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TURBEVILLE, S.C. (AP) — A South Carolina prison unit where older men with lengthier sentences mentor young adults preparing to reenter society is giving officials hope that a different approach to living conditions will reduce violence behind bars.The special housing facility known as a Community Opportunity Restoration Enhancement (C.O.R.E.) unit emphasizes an unorthodox method of prisoner reform called “restorative justice” that prioritizes open communication and self-correction through group engagement and one-on-...
TURBEVILLE, S.C. (AP) — A South Carolina prison unit where older men with lengthier sentences mentor young adults preparing to reenter society is giving officials hope that a different approach to living conditions will reduce violence behind bars.
The special housing facility known as a Community Opportunity Restoration Enhancement (C.O.R.E.) unit emphasizes an unorthodox method of prisoner reform called “restorative justice” that prioritizes open communication and self-correction through group engagement and one-on-one meetings.
That atmosphere resulted in fewer violent incidents, according to a study of the units inside two state detention centers by the Vera Institute of Justice. Even more, participants who inhabit the unit that features walls covered in colorful murals and natural light commended the new initiative for allowing greater freedom in personalizing their spaces and developing trusting relationships alongside correctional officers.
“These guys need to be able to let loose and express themselves and their emotions,” said Matt, a mentor who cuts hair at a wing that includes two seats and a barber pole. “It gives them the opportunity to be who they really are, instead of this tough guy mentality that you have to put on when you’re in prison.”
Matt is one of five mentors currently living alongside 30 mentees inside one such special housing unit at Turbeville Correctional Institution, a medium-security state prison located in central South Carolina. The Associated Press agreed to publish only his first name under a South Carolina Department of Corrections policy seeking to shield victims.
The unit looks different from most. Participants wearing blue polo shirts and khakis can spend as many as 15 hours daily outside their cells. Personal rooms receive sunlight and can be decorated with photographs.
Bright artwork completed by participants lines the floors and walls. Painted logos for professional and collegiate athletic teams appear outside many doors. Murals depict influential figures and highlight phrases like “EMPOWER BLACK MEN.”
The men access utilities not typically shared by prisoners. Laundry machines mean clothes are washed more frequently. A mini fridge provides the opportunity to store water and brings what one mentor described as “hope for freedom.” A kitchen facilitates sharing food in a space credited for giving dignity and curbing theft.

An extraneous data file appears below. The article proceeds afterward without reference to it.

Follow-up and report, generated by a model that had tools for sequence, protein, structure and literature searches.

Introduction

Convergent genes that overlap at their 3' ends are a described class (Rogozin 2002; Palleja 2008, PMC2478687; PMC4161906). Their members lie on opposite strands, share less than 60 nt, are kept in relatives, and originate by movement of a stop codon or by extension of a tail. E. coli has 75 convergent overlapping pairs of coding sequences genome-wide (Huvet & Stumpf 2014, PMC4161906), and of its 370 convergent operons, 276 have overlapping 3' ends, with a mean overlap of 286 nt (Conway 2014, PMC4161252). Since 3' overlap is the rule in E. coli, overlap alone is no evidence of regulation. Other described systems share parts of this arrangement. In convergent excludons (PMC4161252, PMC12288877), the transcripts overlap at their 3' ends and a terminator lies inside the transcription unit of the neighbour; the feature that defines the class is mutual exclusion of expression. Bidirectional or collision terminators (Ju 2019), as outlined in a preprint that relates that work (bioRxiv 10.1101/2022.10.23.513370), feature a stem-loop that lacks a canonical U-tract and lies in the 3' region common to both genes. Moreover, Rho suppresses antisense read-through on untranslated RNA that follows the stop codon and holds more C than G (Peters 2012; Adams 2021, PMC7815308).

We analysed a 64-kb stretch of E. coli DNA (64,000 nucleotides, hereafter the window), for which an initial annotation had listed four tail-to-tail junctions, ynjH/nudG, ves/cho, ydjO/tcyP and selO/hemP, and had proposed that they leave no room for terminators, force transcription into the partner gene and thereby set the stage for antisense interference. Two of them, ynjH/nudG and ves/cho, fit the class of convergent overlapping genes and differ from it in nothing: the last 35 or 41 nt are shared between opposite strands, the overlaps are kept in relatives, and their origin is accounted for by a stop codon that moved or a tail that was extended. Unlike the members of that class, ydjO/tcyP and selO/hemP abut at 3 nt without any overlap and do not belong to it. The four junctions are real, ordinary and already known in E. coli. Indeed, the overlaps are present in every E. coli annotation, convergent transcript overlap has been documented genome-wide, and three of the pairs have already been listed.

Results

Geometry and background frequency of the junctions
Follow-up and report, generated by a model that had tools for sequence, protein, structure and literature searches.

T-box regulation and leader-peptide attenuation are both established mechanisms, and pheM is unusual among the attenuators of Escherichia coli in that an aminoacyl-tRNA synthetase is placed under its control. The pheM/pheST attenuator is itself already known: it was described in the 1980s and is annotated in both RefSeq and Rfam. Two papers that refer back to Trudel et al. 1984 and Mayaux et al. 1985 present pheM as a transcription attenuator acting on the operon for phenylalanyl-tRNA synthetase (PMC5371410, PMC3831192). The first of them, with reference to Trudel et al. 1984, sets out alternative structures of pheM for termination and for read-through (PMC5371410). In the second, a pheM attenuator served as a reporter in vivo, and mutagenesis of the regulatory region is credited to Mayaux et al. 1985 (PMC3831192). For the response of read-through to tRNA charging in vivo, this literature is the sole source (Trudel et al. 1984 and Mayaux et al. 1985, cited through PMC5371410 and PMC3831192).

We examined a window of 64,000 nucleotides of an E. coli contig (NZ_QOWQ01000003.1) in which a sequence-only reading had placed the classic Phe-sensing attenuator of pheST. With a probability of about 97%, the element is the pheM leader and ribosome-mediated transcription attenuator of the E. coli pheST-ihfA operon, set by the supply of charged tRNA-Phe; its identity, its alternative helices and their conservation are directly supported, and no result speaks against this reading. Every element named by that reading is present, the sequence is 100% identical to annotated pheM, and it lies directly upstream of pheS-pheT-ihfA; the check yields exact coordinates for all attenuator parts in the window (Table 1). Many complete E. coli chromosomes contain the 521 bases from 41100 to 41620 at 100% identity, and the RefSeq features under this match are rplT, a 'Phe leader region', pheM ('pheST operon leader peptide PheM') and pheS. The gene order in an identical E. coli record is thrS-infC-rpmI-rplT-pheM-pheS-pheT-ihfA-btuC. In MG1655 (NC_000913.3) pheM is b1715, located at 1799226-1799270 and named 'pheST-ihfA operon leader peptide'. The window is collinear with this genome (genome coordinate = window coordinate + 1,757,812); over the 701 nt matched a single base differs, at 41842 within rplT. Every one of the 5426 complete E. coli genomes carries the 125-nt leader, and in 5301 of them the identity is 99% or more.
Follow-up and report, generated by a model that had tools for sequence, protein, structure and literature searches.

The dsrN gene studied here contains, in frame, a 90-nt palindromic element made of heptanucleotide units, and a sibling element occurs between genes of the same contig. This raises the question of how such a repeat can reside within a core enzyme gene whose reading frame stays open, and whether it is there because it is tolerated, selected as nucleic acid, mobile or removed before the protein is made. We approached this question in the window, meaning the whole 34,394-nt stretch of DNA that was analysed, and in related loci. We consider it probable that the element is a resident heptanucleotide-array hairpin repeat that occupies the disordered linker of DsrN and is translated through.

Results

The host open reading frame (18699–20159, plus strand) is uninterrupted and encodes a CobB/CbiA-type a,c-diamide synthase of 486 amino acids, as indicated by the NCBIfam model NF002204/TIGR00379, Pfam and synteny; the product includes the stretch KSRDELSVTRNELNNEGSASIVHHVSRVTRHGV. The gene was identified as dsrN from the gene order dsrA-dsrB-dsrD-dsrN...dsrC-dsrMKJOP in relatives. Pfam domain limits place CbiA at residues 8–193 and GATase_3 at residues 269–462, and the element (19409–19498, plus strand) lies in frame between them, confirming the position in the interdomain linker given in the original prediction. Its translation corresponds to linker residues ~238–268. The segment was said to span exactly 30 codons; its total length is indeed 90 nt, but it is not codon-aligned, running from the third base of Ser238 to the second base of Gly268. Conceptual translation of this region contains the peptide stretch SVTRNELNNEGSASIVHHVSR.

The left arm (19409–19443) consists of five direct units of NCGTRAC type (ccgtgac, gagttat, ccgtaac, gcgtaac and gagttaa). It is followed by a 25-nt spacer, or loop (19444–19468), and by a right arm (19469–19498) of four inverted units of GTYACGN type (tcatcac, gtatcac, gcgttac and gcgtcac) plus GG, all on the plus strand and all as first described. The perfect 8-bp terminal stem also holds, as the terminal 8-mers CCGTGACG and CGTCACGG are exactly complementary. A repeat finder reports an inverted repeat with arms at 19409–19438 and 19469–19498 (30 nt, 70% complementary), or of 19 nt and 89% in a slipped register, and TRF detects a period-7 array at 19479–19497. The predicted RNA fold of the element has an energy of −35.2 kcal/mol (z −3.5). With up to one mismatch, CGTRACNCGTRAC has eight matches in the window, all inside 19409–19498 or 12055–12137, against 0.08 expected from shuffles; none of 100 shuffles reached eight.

The abnormalities also extend to discipline. Lower-level offenses like disorderly conduct and contraband possession might be met with writing assignments related to the wrongdoing, public apologies to harmed individuals or additional chores without pay.
Research indicates people in such settings are less likely to engage in violence. During the initiative’s first year, Vera’s study reported six violent convictions within a group of 100 participants randomly assigned to the unit, compared to 15 among 100 applicants randomly left in the general prison population.
When applying statistical analysis, the study estimated a 73% decrease in the odds of violent convictions inside the special units.
Overall misconduct charges were comparable between the treatment and control groups. Selma Djokovic, the associate director of research at Vera, suggested incidents inside the unit are not reaching levels “where people have to resort to violence.”
“People are still getting in trouble because people are people. Young adults are young adults. But violence is down,” Djokovic said at a panel last month.
The initiative is a step in the right direction, said Madalyn Wasilczuk, a University of South Carolina law professor who has researched detention center deaths.
Wasilczuk, who was not involved with the study, said suicide is among other forms of violence that also need addressing. State and federal prisons in South Carolina had the sixth highest suicide rate from 2015-2019, according to the Bureau of Justice Statistics.
“The conditions of our prisons help produce violence,” she told The Associated Press. “It’s not a surprise to me that treating people more humanely and better would reduce violence.”
U.S. Department of Justice Assistant Attorney General Amy Solomon told panel members that the “restorative justice” model is replicable. Five units existed across Connecticut, South Carolina and Massachusetts at the time of the study. Others can now be found in Colorado and North Dakota.
Solomon told AP that expansion is partially a matter of “political will” and said grants exist to help correctional institutions “test the waters.” One funds technical assistance and staff to assist with implementing the initiative. Another backs research on the relationship between the climates and interactions inside prisons.